Meanwhile, the quarterly seasonally adjusted underemployment rate fell 0.1 percentage points to 8.8 per cent.

HSBC economists Paul Bloxham and Daniel Smith said the jobs figures pointed to a tightening labour market, which may signal an end to prolonged weak wages growth.

“As the labour market tightens further we expect it to start to put some upward pressure on wages growth in coming quarters,” they said.

Mr James said the surprise jobs figures meant the central bank would not be in a hurry to lift interest rates.

“But rate cuts can now be taken off the table,” he said.

Royal Bank of Canada fixed income and currency strategist Michael Turner said the RBA would now have a more comfortable view of the labour market – and its holding stance on rates – after three months of employment growth.

“This in turn will likely put a neutral stance on a more confident footing, particularly given that there are few signs of a noticeably slower housing market yet,” he said.

The Australian dollar was boosted by the news, hitting a two-month high of 76.30 US cents soon after the figures were released before falling back to 76.07 US cents at 1625 AEST.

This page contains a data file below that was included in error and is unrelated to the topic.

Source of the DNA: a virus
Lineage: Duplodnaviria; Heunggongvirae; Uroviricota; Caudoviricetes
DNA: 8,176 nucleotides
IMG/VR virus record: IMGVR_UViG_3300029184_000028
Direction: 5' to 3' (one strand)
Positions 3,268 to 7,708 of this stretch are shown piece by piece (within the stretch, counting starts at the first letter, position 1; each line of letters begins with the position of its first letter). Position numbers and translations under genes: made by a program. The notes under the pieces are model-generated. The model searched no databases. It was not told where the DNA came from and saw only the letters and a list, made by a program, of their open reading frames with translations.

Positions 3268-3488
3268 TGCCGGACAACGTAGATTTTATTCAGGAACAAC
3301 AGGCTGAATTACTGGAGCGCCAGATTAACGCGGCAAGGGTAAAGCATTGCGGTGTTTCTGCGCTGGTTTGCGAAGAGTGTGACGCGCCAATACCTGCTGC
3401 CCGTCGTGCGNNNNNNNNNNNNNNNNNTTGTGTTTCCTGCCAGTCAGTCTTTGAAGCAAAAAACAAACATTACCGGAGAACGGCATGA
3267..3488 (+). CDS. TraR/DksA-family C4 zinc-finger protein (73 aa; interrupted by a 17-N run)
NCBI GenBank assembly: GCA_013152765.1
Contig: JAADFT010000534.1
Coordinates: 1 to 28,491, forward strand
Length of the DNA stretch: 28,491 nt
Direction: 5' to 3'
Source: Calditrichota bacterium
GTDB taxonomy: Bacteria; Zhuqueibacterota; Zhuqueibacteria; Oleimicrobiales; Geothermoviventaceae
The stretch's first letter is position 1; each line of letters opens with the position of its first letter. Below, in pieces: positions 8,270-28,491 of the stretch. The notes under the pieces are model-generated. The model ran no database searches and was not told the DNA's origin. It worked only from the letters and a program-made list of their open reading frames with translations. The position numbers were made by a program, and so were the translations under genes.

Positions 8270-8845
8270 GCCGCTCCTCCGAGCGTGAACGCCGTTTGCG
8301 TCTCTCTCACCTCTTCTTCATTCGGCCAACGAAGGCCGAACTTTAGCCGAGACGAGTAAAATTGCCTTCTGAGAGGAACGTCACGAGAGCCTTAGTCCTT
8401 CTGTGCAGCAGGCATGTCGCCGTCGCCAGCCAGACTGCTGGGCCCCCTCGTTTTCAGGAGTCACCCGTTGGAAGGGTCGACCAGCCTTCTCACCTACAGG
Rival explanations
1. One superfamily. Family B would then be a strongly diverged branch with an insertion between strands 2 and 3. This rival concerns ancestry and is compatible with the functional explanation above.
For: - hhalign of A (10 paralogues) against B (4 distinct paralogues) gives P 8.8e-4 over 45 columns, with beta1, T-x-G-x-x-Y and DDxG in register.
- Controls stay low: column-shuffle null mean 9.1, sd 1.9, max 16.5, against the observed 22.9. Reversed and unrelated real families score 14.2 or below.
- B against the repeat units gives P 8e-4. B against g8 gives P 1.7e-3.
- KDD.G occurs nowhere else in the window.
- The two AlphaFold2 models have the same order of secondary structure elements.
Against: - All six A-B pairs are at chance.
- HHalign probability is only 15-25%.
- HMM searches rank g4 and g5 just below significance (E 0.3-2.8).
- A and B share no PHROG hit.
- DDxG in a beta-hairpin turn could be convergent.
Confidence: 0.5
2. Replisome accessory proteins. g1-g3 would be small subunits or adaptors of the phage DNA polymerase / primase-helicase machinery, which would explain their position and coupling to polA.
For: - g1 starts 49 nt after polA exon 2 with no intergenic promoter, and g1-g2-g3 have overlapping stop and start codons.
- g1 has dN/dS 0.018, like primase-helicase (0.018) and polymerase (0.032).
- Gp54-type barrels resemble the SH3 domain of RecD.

Qld reassures unit residents after UK fire

The Queensland government says proposed new building laws will crack down on potentially flammable building cladding, which is being blamed for London’s devastating tower block fire.


Housing Minister Mick de Brenni said the proposed laws, introduced last month, will give the state’s building regulator the power to stop unsafe products being sold and force existing buildings to remove dangerous cladding.

“The new laws will give the Queensland Building and Construction Commission power to investigate concerns around building products on both active building sites and existing buildings,” Mr de Brenni said.

“We want to make sure the regulator has the teeth to protect Queenslanders.”

There have been two incidents in recent years on the Gold Coast where substandard cladding was identified and replaced, as well as a third incident in Brisbane where a residential building was inspected and found to be compliant.

The minister stopped short of calling for a full review of cladding used in Queensland, saying the strengthened laws would be sufficient.

At least 12 people have been confirmed dead and many more are missing after a huge fire destroyed Grenfell Tower in London’s north Kensington.

There are reports cladding added to the building in a recent refurbishment may have helped spread the flames quickly.

Queensland Fire and Emergency Services Deputy Commissioner Mark Roche said the state’s firefighters are trained for high-rise fires.

“Recently in Brisbane we’ve just conducted four very large-scale exercises on high rise buildings, and we are doing that right across the state,” Deputy commissioner Roche told reporters on Thursday.